Yes, this is some people’s version of fun. Yes, it’s a bit likeWild.
It’s my second day on the Colorado Trail, a roughly 500-mile path that winds from Denver to Durango, through the Colorado Rockies, along the Continental Divide, and into the San Juan mountain range. The trail goes as high as 13,271 feet, averages an elevation over 10,300, and has a total elevation change (ascents plus descents) of almost 90,000 feet. I haven’t experienced much of that yet, though. Despite walking 12.1 miles that day and 17 miles the day before, I still have more than 460 miles to go.
Earlier in the afternoon, I entered a 14-mile dry stretch. No water for hours in any direction. After a high-mile first day, my legs couldn’t manage the entire dry stretch all at once. I needed to camp in the middle of it. I carried what I hoped was enough water to last until morning. How much water does one actually use?? It’s something I hadn’t thought about when water flowed easily from the tap in my kitchen sink. With only two days of thru-hiking under my belt, I don’t know the answer to my question. I’m still a beginner at this. I hope six liters—twice what I normally carry—is enough. I need enough water to drink, brush my teeth (morning and night), rehydrate my dinner, make my morning coffee, and wash my feet before bed, plus my face. Washing your feet is a thru-hiker ritual. It removes salty sweat and gritty dirt, which helps prevent blisters and protects our feet—one of the most precious resources to a thru-hiker. As for washing my face, well, I just couldn’t skip that luxury.
I’d ended up in this spot because I’d carried all that water—all 13.2 pounds of it, not to mention my 16.5 pounds of base weight (nonconsumables) and 10-plus pounds of food—the entire afternoon and couldn’t take another step. Storm clouds had been looming all day, threatening to break open. Just as I was about to pour some of my precious water into a pot to boil for dinner, the clouds burst. A few drops of rain turned into a downpour, a thunderstorm, a ferocious lightning storm. I threw my things in my tent and dove down the hill to get away from the electricity-conducting rocks and metal in my campsite. Hail joined the onslaught falling from the sky.
This is why I’m hiding under the trees, a tiny ball crouched in my yellow rain slicker beneath the rage of the storm. A few cars pull over on the dirt road behind me, trying to take shelter under the pines like I am. After a few minutes, one of them yells at me, “Hey, want to get in?” Stranger danger crosses my mind. I consider it for a second but don’t care—I’ll take my chances with them versus the lightning and ever-increasing hail.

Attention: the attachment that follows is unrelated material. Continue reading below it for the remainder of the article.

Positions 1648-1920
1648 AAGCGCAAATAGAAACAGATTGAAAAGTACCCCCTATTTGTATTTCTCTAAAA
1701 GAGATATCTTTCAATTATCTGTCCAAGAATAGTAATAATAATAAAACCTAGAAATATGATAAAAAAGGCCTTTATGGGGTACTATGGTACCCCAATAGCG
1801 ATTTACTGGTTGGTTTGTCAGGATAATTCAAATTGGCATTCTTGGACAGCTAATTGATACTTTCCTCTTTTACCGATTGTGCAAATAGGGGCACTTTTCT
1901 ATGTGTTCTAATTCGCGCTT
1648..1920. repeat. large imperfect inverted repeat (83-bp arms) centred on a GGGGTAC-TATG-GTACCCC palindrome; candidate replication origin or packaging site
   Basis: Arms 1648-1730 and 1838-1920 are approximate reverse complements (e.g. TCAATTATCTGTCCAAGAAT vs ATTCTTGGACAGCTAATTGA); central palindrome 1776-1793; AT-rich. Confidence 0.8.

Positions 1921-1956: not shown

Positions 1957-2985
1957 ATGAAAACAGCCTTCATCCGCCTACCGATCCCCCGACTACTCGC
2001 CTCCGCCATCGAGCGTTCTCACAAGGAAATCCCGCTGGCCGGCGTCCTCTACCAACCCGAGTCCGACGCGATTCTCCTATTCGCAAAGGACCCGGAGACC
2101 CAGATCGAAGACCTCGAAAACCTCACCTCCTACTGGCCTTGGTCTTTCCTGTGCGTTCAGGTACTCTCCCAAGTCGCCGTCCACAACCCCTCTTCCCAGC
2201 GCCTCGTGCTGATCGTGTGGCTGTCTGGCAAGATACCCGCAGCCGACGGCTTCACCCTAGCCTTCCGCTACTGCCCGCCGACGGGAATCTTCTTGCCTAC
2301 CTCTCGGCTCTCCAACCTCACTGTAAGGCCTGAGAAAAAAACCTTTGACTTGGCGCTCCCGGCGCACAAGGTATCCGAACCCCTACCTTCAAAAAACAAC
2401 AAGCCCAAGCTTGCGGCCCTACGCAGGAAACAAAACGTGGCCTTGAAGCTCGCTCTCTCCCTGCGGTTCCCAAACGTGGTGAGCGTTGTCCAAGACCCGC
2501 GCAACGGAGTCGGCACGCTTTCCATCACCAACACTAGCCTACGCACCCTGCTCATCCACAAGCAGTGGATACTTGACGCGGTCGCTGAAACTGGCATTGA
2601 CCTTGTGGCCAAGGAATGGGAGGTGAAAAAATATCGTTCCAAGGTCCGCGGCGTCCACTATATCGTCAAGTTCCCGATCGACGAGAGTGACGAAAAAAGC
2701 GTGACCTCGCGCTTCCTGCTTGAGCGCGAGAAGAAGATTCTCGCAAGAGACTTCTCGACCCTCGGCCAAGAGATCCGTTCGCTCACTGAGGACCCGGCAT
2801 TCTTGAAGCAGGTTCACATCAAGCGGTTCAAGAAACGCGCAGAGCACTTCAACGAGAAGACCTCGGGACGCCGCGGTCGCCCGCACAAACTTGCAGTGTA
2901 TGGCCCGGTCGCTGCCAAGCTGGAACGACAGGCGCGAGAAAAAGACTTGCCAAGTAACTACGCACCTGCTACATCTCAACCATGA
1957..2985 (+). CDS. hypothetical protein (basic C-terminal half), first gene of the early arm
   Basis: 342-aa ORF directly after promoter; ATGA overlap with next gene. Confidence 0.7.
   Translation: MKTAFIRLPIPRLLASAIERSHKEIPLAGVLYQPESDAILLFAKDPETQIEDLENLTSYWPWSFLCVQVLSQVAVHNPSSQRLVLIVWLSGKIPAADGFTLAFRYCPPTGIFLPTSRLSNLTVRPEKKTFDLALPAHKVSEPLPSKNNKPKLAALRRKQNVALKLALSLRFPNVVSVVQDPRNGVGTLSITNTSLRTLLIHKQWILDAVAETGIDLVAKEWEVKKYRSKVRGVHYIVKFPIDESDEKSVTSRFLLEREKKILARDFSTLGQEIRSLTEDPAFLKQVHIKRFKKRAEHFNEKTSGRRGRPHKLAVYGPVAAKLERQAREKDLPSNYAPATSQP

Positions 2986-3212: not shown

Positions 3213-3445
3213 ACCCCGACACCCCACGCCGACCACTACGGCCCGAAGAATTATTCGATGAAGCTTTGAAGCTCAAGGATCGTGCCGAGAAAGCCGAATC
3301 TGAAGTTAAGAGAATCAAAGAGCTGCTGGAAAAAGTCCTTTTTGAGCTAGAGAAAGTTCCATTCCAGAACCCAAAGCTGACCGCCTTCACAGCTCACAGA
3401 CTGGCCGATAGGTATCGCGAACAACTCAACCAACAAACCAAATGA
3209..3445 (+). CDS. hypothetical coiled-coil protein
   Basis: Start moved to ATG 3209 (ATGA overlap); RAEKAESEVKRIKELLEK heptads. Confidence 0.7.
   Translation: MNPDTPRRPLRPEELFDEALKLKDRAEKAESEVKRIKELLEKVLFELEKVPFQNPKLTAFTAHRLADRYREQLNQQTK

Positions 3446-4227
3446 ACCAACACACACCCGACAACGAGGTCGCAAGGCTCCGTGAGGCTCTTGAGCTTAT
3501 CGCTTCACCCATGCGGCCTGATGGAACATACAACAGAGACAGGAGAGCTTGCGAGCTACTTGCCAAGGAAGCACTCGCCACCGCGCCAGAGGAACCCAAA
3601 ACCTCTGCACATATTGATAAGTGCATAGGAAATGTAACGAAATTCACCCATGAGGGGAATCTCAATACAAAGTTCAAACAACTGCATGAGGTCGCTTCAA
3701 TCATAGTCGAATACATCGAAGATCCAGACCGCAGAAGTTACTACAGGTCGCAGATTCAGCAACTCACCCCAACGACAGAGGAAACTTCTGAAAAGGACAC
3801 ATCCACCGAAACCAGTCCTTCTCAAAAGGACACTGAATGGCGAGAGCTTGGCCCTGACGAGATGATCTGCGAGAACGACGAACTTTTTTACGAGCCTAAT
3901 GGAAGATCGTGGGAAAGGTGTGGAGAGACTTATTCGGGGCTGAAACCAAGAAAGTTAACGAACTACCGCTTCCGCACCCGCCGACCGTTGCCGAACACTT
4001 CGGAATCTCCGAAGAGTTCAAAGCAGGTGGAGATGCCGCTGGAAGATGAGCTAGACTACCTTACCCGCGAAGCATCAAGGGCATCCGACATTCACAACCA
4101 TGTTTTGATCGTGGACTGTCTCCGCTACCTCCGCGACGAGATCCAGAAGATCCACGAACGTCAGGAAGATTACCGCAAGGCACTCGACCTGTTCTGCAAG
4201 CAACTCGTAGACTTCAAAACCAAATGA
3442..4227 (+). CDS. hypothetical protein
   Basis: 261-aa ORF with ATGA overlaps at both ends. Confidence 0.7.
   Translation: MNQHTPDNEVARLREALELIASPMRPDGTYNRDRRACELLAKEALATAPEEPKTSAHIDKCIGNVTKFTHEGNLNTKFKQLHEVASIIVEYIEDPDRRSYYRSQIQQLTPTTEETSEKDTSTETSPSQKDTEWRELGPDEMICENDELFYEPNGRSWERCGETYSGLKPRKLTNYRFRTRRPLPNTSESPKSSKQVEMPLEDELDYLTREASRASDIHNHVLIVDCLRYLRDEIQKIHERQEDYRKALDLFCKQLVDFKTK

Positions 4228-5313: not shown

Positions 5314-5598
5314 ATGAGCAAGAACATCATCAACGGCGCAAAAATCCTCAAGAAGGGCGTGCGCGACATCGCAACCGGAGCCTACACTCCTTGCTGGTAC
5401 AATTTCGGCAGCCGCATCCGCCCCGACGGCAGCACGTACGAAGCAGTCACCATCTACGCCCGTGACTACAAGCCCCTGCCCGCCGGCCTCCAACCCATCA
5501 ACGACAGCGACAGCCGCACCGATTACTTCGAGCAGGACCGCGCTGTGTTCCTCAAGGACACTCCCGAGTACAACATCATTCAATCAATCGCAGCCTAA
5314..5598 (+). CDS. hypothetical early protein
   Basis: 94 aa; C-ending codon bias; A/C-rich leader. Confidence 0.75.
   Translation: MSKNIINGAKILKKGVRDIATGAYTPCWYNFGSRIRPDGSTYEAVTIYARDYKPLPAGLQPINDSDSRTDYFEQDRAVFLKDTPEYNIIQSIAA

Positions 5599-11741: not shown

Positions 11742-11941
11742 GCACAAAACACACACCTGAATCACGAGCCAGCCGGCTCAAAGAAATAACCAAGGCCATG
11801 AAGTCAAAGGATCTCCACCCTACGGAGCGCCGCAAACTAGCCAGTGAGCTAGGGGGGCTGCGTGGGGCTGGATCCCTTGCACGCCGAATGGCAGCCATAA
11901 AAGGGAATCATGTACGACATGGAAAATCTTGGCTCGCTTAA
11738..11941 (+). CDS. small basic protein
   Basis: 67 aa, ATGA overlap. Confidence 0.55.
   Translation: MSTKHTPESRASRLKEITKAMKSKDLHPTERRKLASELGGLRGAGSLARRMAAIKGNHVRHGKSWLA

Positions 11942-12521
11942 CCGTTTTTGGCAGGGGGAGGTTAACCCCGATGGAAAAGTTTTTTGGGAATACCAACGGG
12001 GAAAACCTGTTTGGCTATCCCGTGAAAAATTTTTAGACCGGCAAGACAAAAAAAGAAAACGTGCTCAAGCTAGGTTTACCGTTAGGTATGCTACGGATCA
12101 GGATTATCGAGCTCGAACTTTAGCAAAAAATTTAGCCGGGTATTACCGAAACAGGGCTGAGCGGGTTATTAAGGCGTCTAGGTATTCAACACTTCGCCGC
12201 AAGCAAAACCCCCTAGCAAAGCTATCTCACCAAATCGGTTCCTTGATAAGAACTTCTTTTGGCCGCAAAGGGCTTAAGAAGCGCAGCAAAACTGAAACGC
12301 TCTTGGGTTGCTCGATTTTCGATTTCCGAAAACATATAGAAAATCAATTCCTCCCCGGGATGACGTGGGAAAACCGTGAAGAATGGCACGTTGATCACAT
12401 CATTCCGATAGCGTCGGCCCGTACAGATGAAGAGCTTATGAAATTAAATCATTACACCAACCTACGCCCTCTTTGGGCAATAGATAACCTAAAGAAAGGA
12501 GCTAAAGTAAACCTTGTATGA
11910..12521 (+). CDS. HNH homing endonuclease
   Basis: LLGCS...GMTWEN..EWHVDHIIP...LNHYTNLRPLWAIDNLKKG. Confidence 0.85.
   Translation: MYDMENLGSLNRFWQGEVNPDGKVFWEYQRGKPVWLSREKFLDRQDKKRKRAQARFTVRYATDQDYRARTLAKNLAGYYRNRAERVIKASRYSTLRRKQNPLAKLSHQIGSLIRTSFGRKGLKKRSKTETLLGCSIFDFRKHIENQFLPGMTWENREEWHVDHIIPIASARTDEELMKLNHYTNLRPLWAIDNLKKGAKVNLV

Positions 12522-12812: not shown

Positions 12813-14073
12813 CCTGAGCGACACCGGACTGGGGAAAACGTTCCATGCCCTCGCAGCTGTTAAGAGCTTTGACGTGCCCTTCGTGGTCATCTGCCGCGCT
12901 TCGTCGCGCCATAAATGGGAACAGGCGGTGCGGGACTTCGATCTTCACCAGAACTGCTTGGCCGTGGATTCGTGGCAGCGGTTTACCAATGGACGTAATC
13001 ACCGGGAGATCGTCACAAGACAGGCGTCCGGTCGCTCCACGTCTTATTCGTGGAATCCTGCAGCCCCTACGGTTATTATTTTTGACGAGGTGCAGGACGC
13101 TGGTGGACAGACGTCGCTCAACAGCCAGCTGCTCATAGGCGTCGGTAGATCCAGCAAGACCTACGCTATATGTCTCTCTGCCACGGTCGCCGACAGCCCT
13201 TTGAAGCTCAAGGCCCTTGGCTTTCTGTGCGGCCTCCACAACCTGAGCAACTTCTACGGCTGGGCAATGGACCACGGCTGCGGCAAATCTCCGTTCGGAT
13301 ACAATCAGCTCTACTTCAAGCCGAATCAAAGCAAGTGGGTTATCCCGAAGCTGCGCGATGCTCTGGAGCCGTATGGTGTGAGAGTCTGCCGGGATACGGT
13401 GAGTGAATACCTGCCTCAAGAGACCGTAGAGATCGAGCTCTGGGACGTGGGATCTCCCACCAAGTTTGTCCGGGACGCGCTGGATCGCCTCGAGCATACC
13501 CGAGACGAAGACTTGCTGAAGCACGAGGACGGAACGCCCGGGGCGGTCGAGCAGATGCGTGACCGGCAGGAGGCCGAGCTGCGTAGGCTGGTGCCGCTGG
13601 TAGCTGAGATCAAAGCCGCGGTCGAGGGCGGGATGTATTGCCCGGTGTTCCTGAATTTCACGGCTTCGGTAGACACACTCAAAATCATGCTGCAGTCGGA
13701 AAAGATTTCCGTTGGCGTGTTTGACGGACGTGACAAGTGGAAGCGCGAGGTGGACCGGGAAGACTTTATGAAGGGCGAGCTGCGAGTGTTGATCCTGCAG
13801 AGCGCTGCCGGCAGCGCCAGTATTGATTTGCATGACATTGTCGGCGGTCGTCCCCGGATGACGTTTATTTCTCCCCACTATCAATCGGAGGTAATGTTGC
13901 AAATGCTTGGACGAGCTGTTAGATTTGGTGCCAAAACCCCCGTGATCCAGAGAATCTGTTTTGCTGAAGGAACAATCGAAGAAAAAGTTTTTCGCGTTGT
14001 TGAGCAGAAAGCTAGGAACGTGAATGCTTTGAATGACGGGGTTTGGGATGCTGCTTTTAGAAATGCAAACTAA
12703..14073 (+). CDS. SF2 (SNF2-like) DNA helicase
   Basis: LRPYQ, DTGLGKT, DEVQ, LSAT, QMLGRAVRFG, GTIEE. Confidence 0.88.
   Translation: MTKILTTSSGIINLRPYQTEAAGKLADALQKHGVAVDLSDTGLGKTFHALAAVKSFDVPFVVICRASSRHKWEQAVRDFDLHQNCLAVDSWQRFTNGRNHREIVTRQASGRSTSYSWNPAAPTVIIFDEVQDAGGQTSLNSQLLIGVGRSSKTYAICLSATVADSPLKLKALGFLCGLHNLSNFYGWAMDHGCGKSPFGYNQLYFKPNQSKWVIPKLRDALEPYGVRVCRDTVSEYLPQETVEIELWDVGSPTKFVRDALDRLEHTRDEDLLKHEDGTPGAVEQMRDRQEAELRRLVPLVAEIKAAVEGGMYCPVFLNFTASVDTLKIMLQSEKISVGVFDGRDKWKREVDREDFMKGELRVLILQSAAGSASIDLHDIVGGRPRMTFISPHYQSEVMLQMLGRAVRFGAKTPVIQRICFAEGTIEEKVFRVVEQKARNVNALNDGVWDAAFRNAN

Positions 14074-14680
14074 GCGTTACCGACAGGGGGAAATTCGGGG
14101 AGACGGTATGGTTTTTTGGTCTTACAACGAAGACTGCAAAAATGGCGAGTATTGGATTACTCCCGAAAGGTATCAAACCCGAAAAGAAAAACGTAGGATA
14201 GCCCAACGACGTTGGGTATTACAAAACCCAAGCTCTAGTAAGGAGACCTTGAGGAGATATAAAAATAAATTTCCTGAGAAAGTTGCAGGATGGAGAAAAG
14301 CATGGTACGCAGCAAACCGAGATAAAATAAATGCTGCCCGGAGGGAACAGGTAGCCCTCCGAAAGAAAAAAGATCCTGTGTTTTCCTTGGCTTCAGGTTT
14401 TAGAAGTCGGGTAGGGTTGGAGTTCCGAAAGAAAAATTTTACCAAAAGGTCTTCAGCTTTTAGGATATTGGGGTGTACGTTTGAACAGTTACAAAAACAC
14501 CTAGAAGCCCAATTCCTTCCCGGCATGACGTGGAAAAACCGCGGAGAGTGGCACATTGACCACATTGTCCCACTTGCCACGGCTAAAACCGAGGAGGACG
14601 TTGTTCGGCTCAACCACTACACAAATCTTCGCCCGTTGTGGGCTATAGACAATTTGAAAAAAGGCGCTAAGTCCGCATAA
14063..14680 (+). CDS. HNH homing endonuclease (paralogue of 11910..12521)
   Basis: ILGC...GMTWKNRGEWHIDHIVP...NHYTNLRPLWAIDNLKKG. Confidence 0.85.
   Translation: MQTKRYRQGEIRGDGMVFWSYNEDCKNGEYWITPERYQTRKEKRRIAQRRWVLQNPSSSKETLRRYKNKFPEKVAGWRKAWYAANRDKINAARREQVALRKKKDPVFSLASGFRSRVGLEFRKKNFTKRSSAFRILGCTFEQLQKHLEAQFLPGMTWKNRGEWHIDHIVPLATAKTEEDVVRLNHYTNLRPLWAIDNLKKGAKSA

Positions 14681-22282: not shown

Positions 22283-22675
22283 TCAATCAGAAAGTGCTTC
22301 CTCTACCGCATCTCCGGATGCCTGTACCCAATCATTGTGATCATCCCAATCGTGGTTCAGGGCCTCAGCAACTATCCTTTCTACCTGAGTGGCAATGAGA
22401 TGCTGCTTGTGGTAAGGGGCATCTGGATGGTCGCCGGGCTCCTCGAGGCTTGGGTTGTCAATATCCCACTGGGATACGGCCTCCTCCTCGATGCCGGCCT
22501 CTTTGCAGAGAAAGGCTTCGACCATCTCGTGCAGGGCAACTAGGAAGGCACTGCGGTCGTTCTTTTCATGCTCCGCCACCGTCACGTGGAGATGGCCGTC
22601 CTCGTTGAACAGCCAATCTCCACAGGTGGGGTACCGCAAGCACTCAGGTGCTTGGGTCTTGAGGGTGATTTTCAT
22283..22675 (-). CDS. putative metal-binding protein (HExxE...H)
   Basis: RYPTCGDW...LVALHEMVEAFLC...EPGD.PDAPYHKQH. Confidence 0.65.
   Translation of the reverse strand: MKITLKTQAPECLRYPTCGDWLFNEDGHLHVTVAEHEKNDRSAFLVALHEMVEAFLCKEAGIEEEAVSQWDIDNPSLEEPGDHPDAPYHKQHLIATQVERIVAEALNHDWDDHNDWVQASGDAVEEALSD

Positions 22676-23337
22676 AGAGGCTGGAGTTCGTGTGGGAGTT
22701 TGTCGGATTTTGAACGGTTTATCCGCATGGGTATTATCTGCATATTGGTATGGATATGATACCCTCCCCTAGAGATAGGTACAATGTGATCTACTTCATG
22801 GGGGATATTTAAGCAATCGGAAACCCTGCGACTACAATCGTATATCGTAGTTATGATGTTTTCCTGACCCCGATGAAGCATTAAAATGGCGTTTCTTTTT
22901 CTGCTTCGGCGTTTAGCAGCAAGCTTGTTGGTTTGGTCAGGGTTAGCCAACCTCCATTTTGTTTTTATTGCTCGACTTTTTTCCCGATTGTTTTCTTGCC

Even inside their truck, the storm is so loud that these strangers and I can’t hear each other over the bouncing hail. We don’t talk at all for the first 15 minutes. I see two people, roughly my age, sitting up front. They don’t look like murderers. When the storm lets up slightly, we exchange stories. They have so many questions, and I love answering them. I tell them why I’m here, about fulfilling my long-held dream of attempting a thru-hike. I tell them how after this hike, I want to pursue another long-held dream: buying, renovating, and living out of a van. I want to be a nomad, traveling the U.S. and immersing myself in the natural world I love so much. Being Denverites, they both know people who’ve lived the “vanlife” and other alternative lifestyles. Sarah mentions an Instagram friend who remodels school buses for a living. Jacob has looked into used buses sold at auction and confirms they can be had for as little as $3K–5K. A seed is planted.
Women on the Road
I hike most of the first 300 miles alone, seeing as few as one or two other people per day. I came out here to have time to think, to escape the hustle of San Francisco life. While living in the city, I longed for time and space to hear my own thoughts. But after almost three weeks of hiking solo, I’ve gotten my fill of alone time. I’m ready for a “trail family”—a group of fellow hikers to walk and camp with each day.
Becca and I first meet in a hostel in Salida, one of the many trail towns Colorado Trail hikers stop in to shower, sleep in a real bed, and eat nondehydrated food. We’re roommates for a night, but she and a fellow hiker, Ryan, leave town the day before me, so I don’t expect to see them again. Little do I know, we’ll hike almost 200 miles together.
Living in the woods makes thru-hikers a feral bunch, and much of the stiffness of regular society drops away. We form fast friendships, hiking together all day, every day, for weeks at a time. I feel closer to Becca and Ryan than some of the friends I knew for years in San Francisco. We spend the final two weeks on trail together, finish as a group in Durango, and carpool back to Denver for our respective flights home. We each reel from the sense of loss that comes with finishing a big accomplishment, struggle with culture shock as we try to transition back into civilized society, and crave more adventures, so when Becca lands a job at a Utah ski resort for the winter and suggests we road trip from Texas to Salt Lake City with a stop in Taos, New Mexico, at a Women on the Road convention, I eagerly agree.